I’d also love to know where she’s going? And who is Jefferson? Is he a friend? Or a mentor? I’m assuming they are the same age, otherwise they wouldn’t be talking sex lives.

    I really love the sense of urgency you’ve created in seeing Jefferson, but I really don’t understand where it comes from. Where are they going? What does this meeting mean for them? What is at stake? Overall, I wanted to be grounded a bit more with respect to her, her power, and this scene. I think the intensity can really be ramped up by showing us her anguish. You’ve created such a fabulous idea for intensity here – I mean, if she blows it the plane could literally go up in smokes. So. Much. Tension. Let’s be there in the moment and see it! Nice work – keep going!

  4. Great work! I love how we get right into the plane scene, and see more of Jefferson. And your voice is still fantastic.

    While I do prefer this tighter opening, I do feel that there's a bit of a disconnect from the opening paragraphs and Jefferson showing up. Maybe if you added just one or two sentences before that, to give weight to the fire, it would be a tad smoother. Just a little more description of the fire, or how it makes her feel about herself and her opinions, to balance out all that external description.

    Now let's talk about Jefferson. What a great character. Immediately grabs my attention, seems likable, and is characterized incredibly well. The big issue I have with him, though, is that I don't understand his role. It's fine to leave me with questions, but just one or two sentences explaining his role would be nice. Hint at why he's there, just so the reader knows you're intentionality withholding that information.

    Lastly, I think you could spend more time on the plane, and use that as a vehicle (No pun intended) to deliver more exposition. Use that scene to describe what the fire power makes her feel about herself, what her opinions of it are, and how she copes. The plane scene is so much fun, and it's such a wonderful concept, that you could inject exposition and the reader would still eat it up.

    All in all, very nice revision. My biggest pieces of advice are to flesh out Jefferson's role a little, give more weight to the fire itself, and stretch the plane scene. Great work and good luck!

  5. Hi Heather,

    This is getting so so good! You did such a good job with this first revision.

    Love how you’ve brought up the plane part of the story! BUT, if it were me, I would actually pull it up to the very first line/paragraph, and then delve into the rest of the backstory and characterization. It’ll mean more to me once I’m firmly rooted in time in the story, otherwise I’m sort of floating and not sure what to grab onto.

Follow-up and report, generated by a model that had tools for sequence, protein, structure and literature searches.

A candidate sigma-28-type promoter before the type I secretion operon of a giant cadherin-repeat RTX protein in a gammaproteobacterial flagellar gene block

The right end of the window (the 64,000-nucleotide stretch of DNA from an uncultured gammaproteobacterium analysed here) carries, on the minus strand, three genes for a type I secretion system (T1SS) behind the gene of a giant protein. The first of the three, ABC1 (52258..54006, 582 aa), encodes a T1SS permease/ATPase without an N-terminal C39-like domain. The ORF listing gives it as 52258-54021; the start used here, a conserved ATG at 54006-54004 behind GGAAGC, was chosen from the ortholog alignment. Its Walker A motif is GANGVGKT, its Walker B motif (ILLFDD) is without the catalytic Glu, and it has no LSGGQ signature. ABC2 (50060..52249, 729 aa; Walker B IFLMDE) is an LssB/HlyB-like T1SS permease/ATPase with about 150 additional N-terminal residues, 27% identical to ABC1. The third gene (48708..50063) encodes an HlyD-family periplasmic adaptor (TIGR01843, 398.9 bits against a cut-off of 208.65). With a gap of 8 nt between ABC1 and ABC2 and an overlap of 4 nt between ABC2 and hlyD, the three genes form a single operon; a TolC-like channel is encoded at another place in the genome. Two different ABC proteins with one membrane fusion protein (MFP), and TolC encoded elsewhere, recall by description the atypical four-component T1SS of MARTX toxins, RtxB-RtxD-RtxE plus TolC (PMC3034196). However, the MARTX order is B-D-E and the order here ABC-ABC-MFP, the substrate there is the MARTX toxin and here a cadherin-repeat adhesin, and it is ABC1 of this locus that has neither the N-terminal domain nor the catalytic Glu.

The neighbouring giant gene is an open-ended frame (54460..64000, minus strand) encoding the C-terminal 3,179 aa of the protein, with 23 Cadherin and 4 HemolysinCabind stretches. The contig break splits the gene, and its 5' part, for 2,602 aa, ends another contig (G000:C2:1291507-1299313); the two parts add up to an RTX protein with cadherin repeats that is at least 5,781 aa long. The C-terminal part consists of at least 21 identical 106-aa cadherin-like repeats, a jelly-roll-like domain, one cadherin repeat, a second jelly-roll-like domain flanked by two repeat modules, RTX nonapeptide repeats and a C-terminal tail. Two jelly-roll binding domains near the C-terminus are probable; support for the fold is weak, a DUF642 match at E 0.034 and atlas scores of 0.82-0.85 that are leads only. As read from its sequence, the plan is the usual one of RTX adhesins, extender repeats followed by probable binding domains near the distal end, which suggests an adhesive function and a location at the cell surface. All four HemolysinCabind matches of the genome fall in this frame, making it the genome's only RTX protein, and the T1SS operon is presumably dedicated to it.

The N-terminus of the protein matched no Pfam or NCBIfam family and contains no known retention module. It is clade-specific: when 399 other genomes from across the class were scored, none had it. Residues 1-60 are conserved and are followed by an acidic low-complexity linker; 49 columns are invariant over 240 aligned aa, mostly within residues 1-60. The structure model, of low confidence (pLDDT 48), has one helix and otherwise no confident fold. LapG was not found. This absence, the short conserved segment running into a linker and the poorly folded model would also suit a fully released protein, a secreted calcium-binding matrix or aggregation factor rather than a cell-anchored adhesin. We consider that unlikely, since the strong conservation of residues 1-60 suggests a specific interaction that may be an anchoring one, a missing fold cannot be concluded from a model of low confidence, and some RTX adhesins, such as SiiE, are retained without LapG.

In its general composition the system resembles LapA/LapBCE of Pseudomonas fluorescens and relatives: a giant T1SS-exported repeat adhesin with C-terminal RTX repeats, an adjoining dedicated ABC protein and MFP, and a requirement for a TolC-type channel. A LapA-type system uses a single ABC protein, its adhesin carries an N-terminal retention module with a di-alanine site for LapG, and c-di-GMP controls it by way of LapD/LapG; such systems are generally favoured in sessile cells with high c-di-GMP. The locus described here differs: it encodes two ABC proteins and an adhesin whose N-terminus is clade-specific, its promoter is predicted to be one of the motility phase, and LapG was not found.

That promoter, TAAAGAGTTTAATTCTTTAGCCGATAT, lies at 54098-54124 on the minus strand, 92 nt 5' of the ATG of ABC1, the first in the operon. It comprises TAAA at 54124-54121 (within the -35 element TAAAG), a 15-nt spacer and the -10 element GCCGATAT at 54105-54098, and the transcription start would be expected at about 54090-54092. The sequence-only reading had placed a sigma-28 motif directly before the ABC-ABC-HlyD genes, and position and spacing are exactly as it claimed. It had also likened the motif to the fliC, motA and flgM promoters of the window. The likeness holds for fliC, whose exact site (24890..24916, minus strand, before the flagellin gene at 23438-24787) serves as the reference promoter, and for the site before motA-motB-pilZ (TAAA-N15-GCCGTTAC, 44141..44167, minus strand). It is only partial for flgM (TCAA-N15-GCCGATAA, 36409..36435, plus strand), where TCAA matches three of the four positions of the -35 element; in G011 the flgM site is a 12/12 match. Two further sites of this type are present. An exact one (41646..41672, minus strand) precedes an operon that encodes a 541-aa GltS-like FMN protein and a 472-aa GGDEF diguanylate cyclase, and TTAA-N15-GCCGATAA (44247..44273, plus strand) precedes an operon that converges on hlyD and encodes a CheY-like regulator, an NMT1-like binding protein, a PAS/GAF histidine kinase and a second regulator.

I love all the action in this, and was super engrossed in it (both the airplane part and airport part), but for some reason I didn’t feel quite ready to delve into the airport chase scene *quite* so early in the story. I feel like you could blow out this first airplane part even more and up the stakes, only going into the Jefferson part and that action at the very end of the first chapter (not sure how long your chapters are!).

    A couple of other notes:
    —“I’d certainly like for the rest of the people on board to have that chance”—love that because it tells me a lot about her empathy and also tips me off that she’s not a suicide bomber or anything like that.
    —Definitely more context clues to tell us more about who Jefferson is and what their relationship is, but one sentence of more explicit detail about how they know each other would be good.
    —“the books we’ve read together-apart”—this whole paragraph is so evocative! I really feel how she feels about him, and I love how you’ve cemented that in real details.
    —“My birthparents must have been lightyears ahead of his in terms of athletic evolution”—this confuses me again. Do the sets of parents have something to do with each other, despite their obvious age difference?
    —“his grip is surprisingly strong for a guy who spends ten hours a day analyzing particle accelerator data”—so intrigued!

    Such great work this week, keep it up!!!


  6. Hi Heather!

    Thanks so much for sharing your work! I really enjoyed the chance to read your first few pages. You have a very strong voice here and I can feel your character's personality, which is so important to hooking a reader.

    I agree with the comments that have been given to you already. I do believe the first few paragraphs give a lot of backstory that can be more organically given to the reader as the book or scene progresses. For example, it may be more interesting to actually see Finley pick a lock and then find out she learned how in juvie rather than just being told from the get-go.

    The plane offers you a really strong setting for your first pages, so I'd slow it down and bring the reader into that moment, into her stress about the fire coming out, into her interactions with others. The geriatric comment also threw me a bit because for a second I thought your character was elderly.

    Thank you again for participating in the workshop and sharing your work. I'll look forward to reading your pitch and pages next week.

    All the best,